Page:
It’s the most wonderful time of the year—and recently, also the touchiest.
The past few years have engulfed jolly well-wishers in a fairly intense inter-religious crisis. According to many Christians, there’s a “war on Christmas” going on with Jesus as the main point of conflict (or, at least his name). Many people are angered at the gravitation toward “Happy Holidays!” rather than “Merry Christmas!,” believing that this is blatant disregard for the true meaning of the season: Christ.
Christians are fighting back viciously against this modern trend. We’ve all seen that “Put Christ Back in Christmas!” bumper sticker and heard of the controversy surrounding Starbucks’ plain red “holiday” cups that didn’t ink Christmas across their fronts.
As someone who was raised Christian, I just want to invite everyone to step back from the situation, relax and have a little bit of empathy.
We don’t need to “put the Christ back in Christmas.” You may do that, in the comfort of your own home and your own place of worship, if you so please. You may read the Bible before opening any presents. You may sing “Silent Night” in place of “Frosty the Snowman.” You may set a Nativity scene up on your front lawn. You may do all of these things because to you they make the holiday more meaningful, memorable and magical.
But doing these things will not have the same effect on everyone because not everyone is a Christian, and not everyone celebrates “Christmas” as the birth of Christ.
Yule was, at first, a holiday coined by German pagans that wanted to celebrate the longest night of the year, the Solstice, from which point onward the days would become sunnier and brighter. Holly and mistletoe were hung to represent the “seed of the Divine.” Yule logs were burned, Yule trees were decorated, Yule feasts were enjoyed and Yule gifts were exchanged.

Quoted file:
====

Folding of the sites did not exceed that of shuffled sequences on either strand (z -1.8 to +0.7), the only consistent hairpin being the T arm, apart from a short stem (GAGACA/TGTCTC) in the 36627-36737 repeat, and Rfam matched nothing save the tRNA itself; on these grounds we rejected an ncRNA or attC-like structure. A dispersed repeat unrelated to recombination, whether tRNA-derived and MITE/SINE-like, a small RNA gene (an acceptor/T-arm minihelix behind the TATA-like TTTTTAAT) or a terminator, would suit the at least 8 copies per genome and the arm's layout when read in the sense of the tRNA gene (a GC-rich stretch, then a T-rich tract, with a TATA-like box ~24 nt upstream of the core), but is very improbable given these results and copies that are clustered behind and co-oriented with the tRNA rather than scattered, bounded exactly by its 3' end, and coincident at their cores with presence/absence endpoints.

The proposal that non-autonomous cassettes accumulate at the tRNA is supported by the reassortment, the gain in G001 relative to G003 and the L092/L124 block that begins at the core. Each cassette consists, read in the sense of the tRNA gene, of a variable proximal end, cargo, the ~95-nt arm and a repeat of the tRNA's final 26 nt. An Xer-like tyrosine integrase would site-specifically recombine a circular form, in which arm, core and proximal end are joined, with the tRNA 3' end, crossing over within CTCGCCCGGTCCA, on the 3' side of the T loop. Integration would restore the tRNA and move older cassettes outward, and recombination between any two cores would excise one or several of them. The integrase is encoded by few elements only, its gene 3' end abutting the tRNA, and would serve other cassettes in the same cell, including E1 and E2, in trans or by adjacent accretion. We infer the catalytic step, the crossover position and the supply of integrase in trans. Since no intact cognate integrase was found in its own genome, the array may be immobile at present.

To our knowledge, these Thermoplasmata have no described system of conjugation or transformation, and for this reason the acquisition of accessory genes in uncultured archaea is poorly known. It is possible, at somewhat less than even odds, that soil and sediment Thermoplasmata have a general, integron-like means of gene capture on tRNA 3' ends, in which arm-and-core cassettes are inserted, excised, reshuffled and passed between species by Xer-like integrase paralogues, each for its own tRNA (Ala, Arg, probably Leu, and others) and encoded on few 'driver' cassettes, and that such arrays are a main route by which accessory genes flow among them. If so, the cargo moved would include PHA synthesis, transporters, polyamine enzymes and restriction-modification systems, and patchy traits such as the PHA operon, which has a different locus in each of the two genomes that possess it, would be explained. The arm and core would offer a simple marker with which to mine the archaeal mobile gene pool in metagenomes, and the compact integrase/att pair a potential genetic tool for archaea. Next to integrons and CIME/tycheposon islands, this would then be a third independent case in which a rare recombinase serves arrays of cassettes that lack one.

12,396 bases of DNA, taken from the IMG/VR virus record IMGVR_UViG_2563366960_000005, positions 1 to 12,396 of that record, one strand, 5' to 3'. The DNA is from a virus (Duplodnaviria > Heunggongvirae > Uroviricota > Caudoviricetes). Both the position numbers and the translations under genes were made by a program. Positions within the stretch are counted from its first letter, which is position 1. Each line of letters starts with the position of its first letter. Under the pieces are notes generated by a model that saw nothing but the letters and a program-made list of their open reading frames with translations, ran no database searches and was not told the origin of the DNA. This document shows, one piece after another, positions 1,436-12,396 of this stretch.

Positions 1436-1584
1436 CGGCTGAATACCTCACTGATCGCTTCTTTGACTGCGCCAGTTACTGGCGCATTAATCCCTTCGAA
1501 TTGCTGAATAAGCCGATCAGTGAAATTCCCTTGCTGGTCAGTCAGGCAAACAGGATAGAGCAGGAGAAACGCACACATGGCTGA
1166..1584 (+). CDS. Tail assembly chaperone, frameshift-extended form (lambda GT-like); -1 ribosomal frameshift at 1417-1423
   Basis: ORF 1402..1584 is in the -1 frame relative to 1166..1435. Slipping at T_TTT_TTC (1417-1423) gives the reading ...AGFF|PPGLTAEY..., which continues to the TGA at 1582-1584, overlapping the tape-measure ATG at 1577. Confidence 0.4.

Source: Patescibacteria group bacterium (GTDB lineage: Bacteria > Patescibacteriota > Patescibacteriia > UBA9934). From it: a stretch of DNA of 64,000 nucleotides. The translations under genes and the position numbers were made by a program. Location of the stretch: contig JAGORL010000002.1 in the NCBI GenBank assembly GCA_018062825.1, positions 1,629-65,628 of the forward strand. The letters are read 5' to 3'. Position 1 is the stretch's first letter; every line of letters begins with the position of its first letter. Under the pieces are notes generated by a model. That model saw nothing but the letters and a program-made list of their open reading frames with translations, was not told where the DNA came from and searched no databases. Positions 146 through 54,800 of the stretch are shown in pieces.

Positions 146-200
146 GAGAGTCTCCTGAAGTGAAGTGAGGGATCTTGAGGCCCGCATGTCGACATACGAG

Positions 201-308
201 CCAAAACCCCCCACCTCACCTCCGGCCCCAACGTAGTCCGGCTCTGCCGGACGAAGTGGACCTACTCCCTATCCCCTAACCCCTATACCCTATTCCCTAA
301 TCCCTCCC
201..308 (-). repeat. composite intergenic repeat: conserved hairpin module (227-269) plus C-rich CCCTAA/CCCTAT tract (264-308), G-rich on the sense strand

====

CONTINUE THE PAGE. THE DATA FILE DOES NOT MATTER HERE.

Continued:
The line between Yuletide and Christmastide traditions have been blurred over the many, many years of their celebration. Not only that, but other holidays such as Hanukkah and Kwanzaa happen to share the same time frame with Christmas.
It just isn’t fair to allow Christians to monopolize this season of giving and happiness.
And why would we want to? By saying that this season is only for Christmas (or, our Biblical ideas of what Christmas should look like universally), we’re basically saying that the authentic joy of waking up to see what Santa brought on Christmas morning, of baking gingerbread cookies and of stringing up lights across our eaves is reserved for children that were brought up Christian. Even worse, we’re saying that those in other traditions—who just don’t care to celebrate Christmas or Yule at all—are invalid for believing the things that they believe and choosing to celebrate a different set of holidays.
This is such a small-minded worldview to have.
I truly believe that we don’t fully choose our religions for ourselves. If you were born where someone else was born, you would believe what they believe. Isn’t it a tad coincidental that God placed you and all of your loved ones into the “right” religion, but birthed billions of others into the “wrong” one? Isn’t it a bit unrealistic to think that the only way to seek a higher power or serve a greater glory is to do so your way?
See, this situation of “Christmas” versus “Xmas” runs much deeper than a minor discrepancy in verbage. The issue rests on the idea that Christianity is right and everything else is wrong.
Meanwhile, elsewhere in the world, Jewish people believe that Judaism is right and everything else is wrong, Hindus believe that Hinduism is right and everything else is wrong and Muslims believe that Islam is right and everything else is wrong.
Who are we to really say?
It’s okay if people want to celebrate a season of warmth and family without celebrating Jesus simultaneously. It’s okay to believe in reindeer and not in redemption. It’s okay to give gifts without a single mention of gold, frankincense or myrrh.
Let people have their holiday, and let them have it their way. Arguing simply takes the holly jolly out of everybody’s everything.